Monday, August 24, 2015
Are the Sharks Poised to Rebound?
During the 2014-15 NHL season, the San Jose Sharks were a really good story.
Not a good story as in heartwarming or successful, but a good story the same way reality TV or trashy celebrities make for a good story.
This wasn't your typical non-playoff team. Starting off with the reverse-sweep loss to the Los Angeles Kings, there were internal conflicts, external conflicts, a clear coach-GM disconnect, a failure on the biggest regular season stage possible, and a complete collapse for a month leading to the least successful roster in over a decade.
The fanbase didn't take it kindly. Despite a sold-out Stadium Series game, attendance dwindled down the stretch, and the front office had to beg season ticket holders to return. Many, in fact, did not.
Despite all the tabloid-ready turmoil, the team is prepared to knuckle down for the opening of 2015 training camp. And somehow, all of the shenanigans are largely in the rearview. Against all odds, there's a sense of optimism, starting with new coach Peter Deboer all the way down to new goalie (and ex-King) Martin Jones.
GM Doug Wilson had called the 2014-15 campaign a rebuilding year, and while much of the fanbase wondered just how you could have a rebuild when over-the-hill veterans like Scott Hannan and John Scott took up roster spots, the team actually managed to get younger by large margins. In fact, a large portion of the forward group was made up of freshman or sophomore players: Tomas Hertl, Matt Nieto, Melker Karlsson, Chris Tierney, and Barclay Goodrow. That's nearly half the forward group — and one of the biggest reasons to be optimistic about the upcoming season.
Both Hertl and Nieto hit sophomore slumps, as injuries and some bad puck luck wound up shaking their respective confidence. A solid bounce-back season by both will shore up much of the missing forward depth. Chris Tierney showed the potential of being a smart, hard-working middle-six forward with potential to be an upper-tier utility forward.
A 40-point campaign with time on both special teams units isn't unreasonable. Karlsson probably overachieved a bit, but still should be capable of 10-15 goals; more importantly, he demonstrated a willingness to constantly drive the net and never give up on the play — something that the team lacked from time to time. Goodrow will probably never be more than a bottom-six player, but his speed and tenacity are something you want out of a fourth-line grinder. In fact, looking at teams that won the Stanley Cup over the past few seasons, those are the types of players that make a difference by eating up minutes while earning the coach's trust.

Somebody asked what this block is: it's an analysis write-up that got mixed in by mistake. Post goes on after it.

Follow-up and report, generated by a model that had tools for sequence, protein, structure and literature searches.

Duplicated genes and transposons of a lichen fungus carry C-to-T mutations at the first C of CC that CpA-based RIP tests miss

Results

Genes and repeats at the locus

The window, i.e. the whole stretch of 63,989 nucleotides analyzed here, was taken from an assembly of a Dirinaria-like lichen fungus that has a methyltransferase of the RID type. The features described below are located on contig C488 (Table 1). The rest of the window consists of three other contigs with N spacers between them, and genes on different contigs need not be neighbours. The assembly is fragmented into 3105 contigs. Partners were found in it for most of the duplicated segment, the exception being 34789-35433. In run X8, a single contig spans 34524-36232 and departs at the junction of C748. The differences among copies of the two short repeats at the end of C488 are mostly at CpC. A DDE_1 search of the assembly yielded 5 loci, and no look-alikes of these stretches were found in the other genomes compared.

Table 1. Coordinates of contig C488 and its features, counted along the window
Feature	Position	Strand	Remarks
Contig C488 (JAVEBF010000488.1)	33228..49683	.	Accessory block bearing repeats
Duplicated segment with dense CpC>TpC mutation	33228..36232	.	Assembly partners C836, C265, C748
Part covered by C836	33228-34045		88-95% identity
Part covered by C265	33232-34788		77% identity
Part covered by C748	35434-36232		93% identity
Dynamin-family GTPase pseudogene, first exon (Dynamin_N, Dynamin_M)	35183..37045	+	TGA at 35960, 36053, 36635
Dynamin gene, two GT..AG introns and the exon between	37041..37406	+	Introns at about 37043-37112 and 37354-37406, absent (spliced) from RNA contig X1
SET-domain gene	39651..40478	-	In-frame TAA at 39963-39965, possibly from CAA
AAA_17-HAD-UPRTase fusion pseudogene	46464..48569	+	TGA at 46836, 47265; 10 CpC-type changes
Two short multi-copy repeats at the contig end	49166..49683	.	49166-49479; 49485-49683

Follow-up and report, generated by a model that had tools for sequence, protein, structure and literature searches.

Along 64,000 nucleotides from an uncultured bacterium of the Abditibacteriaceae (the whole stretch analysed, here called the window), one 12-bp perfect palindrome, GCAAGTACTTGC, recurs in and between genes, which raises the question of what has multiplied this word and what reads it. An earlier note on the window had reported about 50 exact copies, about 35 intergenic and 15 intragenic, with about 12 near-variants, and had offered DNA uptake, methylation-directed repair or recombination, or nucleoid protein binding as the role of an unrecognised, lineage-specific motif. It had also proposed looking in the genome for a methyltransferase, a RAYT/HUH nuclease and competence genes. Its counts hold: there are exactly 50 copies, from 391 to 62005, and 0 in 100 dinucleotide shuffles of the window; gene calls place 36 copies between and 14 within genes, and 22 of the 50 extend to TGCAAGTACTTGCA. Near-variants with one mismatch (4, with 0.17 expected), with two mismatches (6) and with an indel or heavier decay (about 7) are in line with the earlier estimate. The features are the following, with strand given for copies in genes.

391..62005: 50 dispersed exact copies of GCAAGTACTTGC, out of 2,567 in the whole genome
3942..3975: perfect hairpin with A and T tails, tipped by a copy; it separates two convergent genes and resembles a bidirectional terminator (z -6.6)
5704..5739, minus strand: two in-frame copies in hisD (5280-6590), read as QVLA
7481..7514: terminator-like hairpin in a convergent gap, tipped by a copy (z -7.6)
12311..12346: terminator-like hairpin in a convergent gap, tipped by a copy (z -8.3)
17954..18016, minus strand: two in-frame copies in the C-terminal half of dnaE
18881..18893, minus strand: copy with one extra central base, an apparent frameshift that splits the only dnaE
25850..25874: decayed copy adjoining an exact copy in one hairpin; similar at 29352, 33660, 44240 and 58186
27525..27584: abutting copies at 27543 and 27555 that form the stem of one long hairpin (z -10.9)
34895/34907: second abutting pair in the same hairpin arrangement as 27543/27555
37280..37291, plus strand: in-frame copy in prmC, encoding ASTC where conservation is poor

Should these young forwards live up to expectations, the Sharks will have much more reliable depth. This will take the load off of the established veterans and allow DeBoer to work with spreading the talent around.
Of course, the other big question is in net. Martin Jones has put up spectacular numbers wherever he's played, strong enough that for a short time he even created a minor goaltending controversy in L.A. At the very least, he'd worked his way up through the Kings' system and demonstrated enough potential that he was a valuable trade asset.
Jones' performance will come down to a combination of both his own skill-set and the defense around him. The forward group should be markedly better at helping out, both by the young players getting another season under their belt and the addition of a strong defensive forward like Joel Ward. The blueline should also be tighter, as Paul Martin was signed essentially to be the veteran anchor to roaming Brent Burns. This should make for a stronger defensive foundation, so Jones won't be hung out to dry as much as Antii Niemi was the previous season.
Jones is still an unknown, but if he handles the pressure of a starter as well as he has in the other stops of his career, he should be — at the very least — consistently solid, if not spectacular. Perhaps that's all the team will need to have a bounce-back year.
The sports world loves a good story, and last season's San Jose Sharks made for entertaining fodder, but for all the wrong reasons. A comeback by a franchise known for choking will add more drama. The pieces are in place to make it happen, though this of course ultimately comes down to execution. Still, there's optimism in the air, and considering the disaster of the 2014-15 season, that's a victory in itself.